The court agreed to relax the bail conditions for the release of Isabel Vaughan-Spruce, the UK woman who has now been arrested twice in the span of five months for silently praying while too close to an abortion facility. While the lifted restrictions are a welcome victory to Alliance Defending Freedom (ADF), the organization that represents Vaughan-Spruce, she is still awaiting her day in court for this second “offense.”
Aleteia previously reported that Isabel was first arrested in late December 2022. The 45-year-old pro-life volunteer was standing silently with no signs or visible rhetoric when she was approached by police officers. When she revealed that she “might” have been praying silently in her own head, she was taken into custody and charged with breaking the Public Space Protection Order (PSPO), which prohibits demonstrations within a 150 meter radius of abortion facilities.
In early March, just weeks after she was cleared of all charges, Vaughan-Spruce was arrested again on the same charges, in nearly the same spot. After being charged once again with breaking the PSPO, Isabel was released on bail, but this began another legal battle, as the conditions of her bail were viewed by ADF as “extensive.”
A report from ADF explains that the bail conditions prohibited Isabel’s presence in a much larger area than the intended buffer zone around the facility. This area included Vaughan-Spruce’s parish church, where she leads a group of volunteers in prayer and charitable support throughout Lent. These restrictions prevented her from attending events related to her faith life as well as her services to her religious community.
According to ADF, Vaughan-Spruce’s legal team submitted that the conditions were “unlawful and effected in this case for an improper purpose.”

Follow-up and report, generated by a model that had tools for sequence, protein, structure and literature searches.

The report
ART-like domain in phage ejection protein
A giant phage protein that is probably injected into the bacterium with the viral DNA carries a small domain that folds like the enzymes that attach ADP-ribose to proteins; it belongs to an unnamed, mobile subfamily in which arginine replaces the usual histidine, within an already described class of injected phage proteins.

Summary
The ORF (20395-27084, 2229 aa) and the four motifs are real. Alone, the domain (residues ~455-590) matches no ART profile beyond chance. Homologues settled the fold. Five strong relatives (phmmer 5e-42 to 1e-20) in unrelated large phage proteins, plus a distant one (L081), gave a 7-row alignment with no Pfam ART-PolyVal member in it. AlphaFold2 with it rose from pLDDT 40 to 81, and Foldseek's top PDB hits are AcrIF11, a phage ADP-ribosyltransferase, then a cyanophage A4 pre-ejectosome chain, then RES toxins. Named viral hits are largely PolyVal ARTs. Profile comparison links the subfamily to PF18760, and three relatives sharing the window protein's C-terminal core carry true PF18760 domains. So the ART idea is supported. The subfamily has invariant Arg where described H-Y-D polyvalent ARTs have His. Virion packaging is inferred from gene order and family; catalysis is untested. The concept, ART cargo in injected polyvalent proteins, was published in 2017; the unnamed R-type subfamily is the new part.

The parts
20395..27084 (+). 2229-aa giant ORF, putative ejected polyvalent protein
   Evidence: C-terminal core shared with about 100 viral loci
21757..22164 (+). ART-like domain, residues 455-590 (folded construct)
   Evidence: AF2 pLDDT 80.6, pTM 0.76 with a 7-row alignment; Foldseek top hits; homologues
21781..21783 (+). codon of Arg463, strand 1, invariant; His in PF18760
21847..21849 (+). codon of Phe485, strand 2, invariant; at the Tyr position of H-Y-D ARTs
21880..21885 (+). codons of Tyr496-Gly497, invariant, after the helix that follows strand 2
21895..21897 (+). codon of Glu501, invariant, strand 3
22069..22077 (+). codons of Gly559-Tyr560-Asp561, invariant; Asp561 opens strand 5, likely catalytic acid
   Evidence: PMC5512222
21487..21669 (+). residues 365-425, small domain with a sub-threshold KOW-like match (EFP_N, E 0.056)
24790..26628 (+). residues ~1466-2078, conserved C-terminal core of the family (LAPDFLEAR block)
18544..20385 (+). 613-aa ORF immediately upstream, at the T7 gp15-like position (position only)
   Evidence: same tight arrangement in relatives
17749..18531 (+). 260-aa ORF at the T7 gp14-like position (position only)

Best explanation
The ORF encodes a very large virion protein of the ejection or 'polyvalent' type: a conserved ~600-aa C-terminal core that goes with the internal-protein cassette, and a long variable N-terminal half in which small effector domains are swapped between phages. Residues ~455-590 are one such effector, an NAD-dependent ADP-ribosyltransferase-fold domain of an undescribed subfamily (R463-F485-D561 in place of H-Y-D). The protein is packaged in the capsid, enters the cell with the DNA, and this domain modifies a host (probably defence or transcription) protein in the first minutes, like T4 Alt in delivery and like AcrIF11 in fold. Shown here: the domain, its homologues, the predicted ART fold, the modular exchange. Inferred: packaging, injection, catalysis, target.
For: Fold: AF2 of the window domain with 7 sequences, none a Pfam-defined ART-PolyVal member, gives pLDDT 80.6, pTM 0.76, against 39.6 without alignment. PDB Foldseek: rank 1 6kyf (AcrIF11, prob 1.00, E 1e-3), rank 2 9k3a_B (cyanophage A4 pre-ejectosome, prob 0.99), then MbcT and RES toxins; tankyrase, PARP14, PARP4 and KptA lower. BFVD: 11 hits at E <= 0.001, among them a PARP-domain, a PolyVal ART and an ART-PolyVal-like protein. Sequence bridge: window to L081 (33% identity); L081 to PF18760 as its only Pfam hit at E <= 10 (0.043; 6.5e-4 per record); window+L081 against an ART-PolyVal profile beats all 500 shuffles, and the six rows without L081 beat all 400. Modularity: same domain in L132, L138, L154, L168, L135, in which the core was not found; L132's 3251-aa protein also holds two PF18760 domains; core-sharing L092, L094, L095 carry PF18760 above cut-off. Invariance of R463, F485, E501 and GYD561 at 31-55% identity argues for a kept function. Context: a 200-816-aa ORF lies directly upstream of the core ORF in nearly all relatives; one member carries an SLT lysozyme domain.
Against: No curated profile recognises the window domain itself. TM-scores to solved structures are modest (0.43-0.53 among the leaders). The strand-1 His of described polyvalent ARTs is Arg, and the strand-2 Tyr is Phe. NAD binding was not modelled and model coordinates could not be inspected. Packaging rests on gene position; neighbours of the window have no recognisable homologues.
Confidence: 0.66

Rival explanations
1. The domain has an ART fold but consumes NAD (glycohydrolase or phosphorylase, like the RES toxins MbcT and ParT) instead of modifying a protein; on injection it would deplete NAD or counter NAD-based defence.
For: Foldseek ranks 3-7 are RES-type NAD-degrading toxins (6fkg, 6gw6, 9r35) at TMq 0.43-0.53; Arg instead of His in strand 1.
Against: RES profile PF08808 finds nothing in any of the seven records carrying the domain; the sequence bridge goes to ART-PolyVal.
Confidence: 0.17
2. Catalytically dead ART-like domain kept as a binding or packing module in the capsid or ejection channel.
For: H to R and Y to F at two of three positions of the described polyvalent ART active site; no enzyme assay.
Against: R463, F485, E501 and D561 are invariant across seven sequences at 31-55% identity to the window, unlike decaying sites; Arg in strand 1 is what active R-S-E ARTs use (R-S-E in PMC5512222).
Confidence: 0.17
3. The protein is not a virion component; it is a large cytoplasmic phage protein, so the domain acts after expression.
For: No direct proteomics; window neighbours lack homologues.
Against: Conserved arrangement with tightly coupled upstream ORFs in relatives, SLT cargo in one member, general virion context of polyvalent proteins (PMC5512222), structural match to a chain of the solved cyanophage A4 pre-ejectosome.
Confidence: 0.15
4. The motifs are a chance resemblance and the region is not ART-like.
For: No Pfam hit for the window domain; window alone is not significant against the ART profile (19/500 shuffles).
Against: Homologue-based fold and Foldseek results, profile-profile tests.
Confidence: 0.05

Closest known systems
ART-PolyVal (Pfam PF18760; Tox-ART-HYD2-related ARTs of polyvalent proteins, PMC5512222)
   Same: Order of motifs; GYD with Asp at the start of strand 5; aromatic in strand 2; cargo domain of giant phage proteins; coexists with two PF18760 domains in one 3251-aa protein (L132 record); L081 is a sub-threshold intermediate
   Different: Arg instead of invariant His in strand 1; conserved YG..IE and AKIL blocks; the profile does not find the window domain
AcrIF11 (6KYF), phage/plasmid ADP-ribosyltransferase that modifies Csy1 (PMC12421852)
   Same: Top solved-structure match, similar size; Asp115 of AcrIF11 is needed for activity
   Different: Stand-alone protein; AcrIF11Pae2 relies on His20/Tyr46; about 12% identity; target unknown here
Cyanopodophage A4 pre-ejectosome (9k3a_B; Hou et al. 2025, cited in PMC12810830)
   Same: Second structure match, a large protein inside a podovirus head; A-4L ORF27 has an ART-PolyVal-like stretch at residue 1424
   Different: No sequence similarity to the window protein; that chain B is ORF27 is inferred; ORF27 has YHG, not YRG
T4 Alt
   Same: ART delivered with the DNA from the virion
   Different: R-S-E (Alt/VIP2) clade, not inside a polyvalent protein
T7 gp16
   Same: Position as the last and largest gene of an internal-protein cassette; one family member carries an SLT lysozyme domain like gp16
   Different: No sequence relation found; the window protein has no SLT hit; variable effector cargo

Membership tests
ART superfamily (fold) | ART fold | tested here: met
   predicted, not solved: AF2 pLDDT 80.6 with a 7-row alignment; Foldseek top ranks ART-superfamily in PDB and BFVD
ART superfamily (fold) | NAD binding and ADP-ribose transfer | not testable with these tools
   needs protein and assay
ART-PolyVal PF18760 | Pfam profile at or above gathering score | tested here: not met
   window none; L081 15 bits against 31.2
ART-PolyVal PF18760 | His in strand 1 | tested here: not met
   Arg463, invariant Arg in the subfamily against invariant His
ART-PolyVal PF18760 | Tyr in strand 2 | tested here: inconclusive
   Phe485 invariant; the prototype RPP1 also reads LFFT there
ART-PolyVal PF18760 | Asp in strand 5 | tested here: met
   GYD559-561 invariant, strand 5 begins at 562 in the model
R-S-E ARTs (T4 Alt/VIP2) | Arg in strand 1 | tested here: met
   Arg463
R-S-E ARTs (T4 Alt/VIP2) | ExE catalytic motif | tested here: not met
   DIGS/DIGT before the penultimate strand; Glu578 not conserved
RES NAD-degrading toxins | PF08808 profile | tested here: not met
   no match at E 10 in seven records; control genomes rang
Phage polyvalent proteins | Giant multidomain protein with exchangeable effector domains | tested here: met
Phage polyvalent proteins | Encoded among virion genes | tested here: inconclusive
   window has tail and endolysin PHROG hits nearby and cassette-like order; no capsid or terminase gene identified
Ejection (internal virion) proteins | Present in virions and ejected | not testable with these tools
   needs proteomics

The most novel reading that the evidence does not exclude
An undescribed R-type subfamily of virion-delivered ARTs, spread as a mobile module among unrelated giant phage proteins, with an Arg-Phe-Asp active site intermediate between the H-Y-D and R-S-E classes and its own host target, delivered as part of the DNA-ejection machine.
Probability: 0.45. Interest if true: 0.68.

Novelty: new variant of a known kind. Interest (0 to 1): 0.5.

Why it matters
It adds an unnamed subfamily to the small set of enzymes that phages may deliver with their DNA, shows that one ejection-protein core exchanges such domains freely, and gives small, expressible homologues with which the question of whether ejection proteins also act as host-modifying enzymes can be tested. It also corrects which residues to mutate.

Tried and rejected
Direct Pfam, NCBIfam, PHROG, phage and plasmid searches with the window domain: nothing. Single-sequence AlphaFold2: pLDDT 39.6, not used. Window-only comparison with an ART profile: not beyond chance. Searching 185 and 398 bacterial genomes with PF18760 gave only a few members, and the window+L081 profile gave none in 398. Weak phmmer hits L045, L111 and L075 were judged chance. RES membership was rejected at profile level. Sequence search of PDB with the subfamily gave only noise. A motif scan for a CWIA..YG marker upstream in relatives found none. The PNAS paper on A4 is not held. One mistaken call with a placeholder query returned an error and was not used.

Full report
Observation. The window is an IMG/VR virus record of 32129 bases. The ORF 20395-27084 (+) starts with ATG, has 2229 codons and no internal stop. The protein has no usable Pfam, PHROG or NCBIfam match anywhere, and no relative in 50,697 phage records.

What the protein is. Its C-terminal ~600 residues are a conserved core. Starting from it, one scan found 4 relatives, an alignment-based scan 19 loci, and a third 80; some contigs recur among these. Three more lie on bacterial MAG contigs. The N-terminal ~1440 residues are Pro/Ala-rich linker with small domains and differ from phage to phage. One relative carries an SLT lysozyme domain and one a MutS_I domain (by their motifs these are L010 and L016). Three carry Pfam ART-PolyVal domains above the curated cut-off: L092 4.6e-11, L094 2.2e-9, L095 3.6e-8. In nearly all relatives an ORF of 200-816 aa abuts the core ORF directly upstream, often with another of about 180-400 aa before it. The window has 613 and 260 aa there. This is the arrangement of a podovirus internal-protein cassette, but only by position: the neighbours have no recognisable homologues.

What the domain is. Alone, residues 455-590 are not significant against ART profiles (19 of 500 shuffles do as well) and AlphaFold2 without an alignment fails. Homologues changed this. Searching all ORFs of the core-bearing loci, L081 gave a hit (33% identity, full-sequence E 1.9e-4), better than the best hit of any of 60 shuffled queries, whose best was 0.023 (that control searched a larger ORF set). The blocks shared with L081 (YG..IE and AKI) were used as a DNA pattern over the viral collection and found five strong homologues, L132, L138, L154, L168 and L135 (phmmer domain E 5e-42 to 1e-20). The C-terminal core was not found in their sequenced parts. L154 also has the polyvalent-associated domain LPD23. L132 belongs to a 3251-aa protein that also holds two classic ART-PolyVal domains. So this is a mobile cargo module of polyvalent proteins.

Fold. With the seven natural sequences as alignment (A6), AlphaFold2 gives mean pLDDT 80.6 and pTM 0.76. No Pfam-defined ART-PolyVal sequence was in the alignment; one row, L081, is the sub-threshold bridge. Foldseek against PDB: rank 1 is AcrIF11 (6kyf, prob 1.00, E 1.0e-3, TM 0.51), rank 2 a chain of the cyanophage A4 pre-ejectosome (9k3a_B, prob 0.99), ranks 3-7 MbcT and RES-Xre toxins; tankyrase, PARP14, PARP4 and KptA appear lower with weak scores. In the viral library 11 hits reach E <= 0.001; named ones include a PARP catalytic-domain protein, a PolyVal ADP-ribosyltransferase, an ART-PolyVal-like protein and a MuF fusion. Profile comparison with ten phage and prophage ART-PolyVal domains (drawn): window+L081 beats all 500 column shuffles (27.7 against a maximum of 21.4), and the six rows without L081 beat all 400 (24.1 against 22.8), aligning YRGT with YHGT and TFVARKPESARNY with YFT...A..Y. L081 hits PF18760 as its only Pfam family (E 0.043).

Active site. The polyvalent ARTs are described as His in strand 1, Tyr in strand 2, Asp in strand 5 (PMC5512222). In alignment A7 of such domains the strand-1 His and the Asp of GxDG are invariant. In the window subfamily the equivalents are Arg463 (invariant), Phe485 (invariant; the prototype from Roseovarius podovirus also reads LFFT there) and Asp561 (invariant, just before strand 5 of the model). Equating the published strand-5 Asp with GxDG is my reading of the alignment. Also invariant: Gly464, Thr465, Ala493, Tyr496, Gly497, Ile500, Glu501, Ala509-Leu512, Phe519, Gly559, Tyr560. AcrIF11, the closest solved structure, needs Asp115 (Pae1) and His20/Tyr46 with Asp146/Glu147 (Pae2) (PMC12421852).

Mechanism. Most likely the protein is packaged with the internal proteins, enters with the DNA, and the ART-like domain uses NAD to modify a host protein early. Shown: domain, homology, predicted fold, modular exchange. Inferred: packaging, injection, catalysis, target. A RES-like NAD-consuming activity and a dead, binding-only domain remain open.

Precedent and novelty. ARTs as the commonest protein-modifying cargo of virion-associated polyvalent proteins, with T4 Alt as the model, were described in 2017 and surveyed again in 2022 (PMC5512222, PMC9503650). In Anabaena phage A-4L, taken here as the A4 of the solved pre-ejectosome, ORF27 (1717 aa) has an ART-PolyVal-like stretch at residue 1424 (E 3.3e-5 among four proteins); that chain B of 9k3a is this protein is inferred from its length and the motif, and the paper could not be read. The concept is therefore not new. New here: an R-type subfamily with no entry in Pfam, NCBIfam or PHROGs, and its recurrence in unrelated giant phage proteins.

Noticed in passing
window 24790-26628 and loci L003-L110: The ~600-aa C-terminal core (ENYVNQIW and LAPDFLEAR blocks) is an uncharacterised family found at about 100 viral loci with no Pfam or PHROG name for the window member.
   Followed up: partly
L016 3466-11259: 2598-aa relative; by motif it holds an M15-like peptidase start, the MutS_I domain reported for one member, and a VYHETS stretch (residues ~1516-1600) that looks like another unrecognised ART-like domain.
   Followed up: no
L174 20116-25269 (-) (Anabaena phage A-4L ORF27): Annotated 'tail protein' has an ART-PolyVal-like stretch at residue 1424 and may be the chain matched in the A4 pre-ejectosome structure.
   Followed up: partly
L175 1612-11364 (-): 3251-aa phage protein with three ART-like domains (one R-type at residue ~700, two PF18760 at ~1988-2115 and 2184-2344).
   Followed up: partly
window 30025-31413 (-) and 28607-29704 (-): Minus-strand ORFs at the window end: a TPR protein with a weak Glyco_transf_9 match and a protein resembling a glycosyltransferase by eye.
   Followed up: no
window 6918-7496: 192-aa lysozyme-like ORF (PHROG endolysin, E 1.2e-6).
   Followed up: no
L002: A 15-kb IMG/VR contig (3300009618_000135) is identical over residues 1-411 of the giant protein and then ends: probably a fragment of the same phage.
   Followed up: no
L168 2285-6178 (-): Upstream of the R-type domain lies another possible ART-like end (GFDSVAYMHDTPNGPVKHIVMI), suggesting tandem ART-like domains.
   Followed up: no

They argued that “interference with witnesses” grounds for the bail conditions were “disingenuous” and “imposed for an ulterior motive.” The team’s arguments have successfully seen these bail conditions relaxed, with the court acknowledging that the ban beyond the buffer zone was a “disproportionate and unnecessary” restriction on her freedom in relation to the allegations of a “relatively simple” crime.
Vaughan-Spruce commented on the change, lamenting that police have been allowed to act as “judge, jury and executioner” on matters regarding the PSPO. She said:
“I’m glad to see some measure of justice restored to proceedings that had imposed excessive burdens on my everyday life. Nobody should be criminalized for the thoughts that they hold in their head. After my first arrest, a court found that my actions did not result in a crime and that I was completely innocent. Yet, I find myself arrested yet again, for the same activity – simply praying, silently.”
Isabel Vaughan-Spruce added, “By imposing such arduous and far-reaching restrictions as my bail conditions, police officers ensured that the process became my punishment, even before I have been tried following this second arrest.”